With many Khuza residents unable to reach hospitals this week, Dr. Kamal Abu Rujila said he treated severely injured patients at a clinic he ran from his house. When he started running out of supplies, he said, he had to disinfect wounds with perfume, stitch them up with sewing needles and bandage them with ripped-up towels and clothing.
After repeated calls to the Red Cross, the men of the neighbourhood decided they would take off their shirts to show they were unarmed and leave with their wives and children. As they approached the entrance to Khuza, Israeli forces opened fire, Abu Rujila said, causing many more injuries.
“I can assure you that none of them were fighters,” he said. “So why would they be targeted?”
That night, scores of people camped out in his basement and backyard. In the morning, he said, a shell landed outside, killing his brother and causing more injuries. The residents decided to make another attempt to flee. Abu Rujila went with them.
Once again, the men removed their shirts and headed into the street with their hands in the air. “We carried white flags, and we carried our children in our arms,” the doctor said.
This time, he said, they were allowed to pass without incident. But he worries about the people left behind. “I want to tell all parties involved to end this ridiculous joke,” he said. “Give people what they need: a life.”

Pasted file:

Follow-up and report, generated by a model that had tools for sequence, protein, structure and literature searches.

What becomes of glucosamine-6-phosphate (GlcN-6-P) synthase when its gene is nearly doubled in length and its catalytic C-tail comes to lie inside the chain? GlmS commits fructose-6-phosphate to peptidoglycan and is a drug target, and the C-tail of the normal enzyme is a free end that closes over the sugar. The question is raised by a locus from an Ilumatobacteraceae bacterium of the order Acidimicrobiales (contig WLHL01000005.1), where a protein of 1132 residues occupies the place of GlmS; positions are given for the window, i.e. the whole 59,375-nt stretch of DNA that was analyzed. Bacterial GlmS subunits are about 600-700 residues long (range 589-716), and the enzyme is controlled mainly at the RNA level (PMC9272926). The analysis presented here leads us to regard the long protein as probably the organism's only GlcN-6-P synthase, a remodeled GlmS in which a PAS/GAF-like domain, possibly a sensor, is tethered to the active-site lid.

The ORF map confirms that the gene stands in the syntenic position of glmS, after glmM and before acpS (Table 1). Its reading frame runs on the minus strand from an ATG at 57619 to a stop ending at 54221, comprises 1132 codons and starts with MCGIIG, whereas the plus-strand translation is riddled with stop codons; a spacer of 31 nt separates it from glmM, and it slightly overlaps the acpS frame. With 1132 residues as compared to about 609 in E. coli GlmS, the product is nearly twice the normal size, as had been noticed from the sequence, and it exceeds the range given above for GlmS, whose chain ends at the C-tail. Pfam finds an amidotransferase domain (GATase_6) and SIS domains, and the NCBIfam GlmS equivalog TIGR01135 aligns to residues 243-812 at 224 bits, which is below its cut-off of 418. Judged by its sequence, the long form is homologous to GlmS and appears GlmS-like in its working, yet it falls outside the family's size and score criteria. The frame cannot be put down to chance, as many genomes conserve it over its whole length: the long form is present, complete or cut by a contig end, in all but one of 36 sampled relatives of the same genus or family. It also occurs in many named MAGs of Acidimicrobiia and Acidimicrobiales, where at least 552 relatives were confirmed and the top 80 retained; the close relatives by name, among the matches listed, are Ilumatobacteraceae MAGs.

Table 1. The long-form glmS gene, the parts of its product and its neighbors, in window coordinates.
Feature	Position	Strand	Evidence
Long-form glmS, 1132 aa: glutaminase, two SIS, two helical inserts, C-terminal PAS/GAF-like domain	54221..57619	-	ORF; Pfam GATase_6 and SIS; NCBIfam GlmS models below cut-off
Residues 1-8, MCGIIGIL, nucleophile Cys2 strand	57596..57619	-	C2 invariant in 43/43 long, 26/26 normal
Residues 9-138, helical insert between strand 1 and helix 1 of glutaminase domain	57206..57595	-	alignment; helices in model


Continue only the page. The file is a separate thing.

Abu Taima said ambulances were finally able to come for his injured relatives, but it took two more days for them to return for other civilians.
On Thursday morning, he heard loudspeakers telling residents that the ambulances were in the area and it was safe to leave. He and his family scooped up their children and raced outside without bothering to pack.
“We weren’t walking, we were running,” he said.
It took them about an hour and a half to reach Khan Yunis, where they found shelter at a United Nations-run school. Later that day, he took his 1-year-old boy, Aimad, to the Nasser Medical Complex to get treated for a shrapnel wound to his hand.
Hospital staffers said they had received more than 80 bodies and treated hundreds of victims of the clashes since Tuesday.
“The greatest problem we have is getting access to the injured people,” said Dr. Jamal Homs, who heads the medical complex.
The flood of patients has overwhelmed the hospital’s emergency room, where doctors and nurses have been working round the clock to stabilise patients and transfer them to other facilities. Without enough beds to accommodate them all, some are being treated on mattresses on the floor.
The hospital is running short of medical supplies and has appealed for donations, Homs said.
Then, there is the worry that the hospital itself might be hit. At least four hospitals, 12 clinics, 10 ambulances and a specialised center for the disabled have been damaged in the conflict, the World Health Organization said this week.
There were crowds of people waiting to be treated and searching for relatives when Abu Taima arrived. As he waited in the hallway, a child’s body was wheeled out of the emergency room and toward the morgue.
“That’s my neighbour's’s boy,” Abu Taima said softly.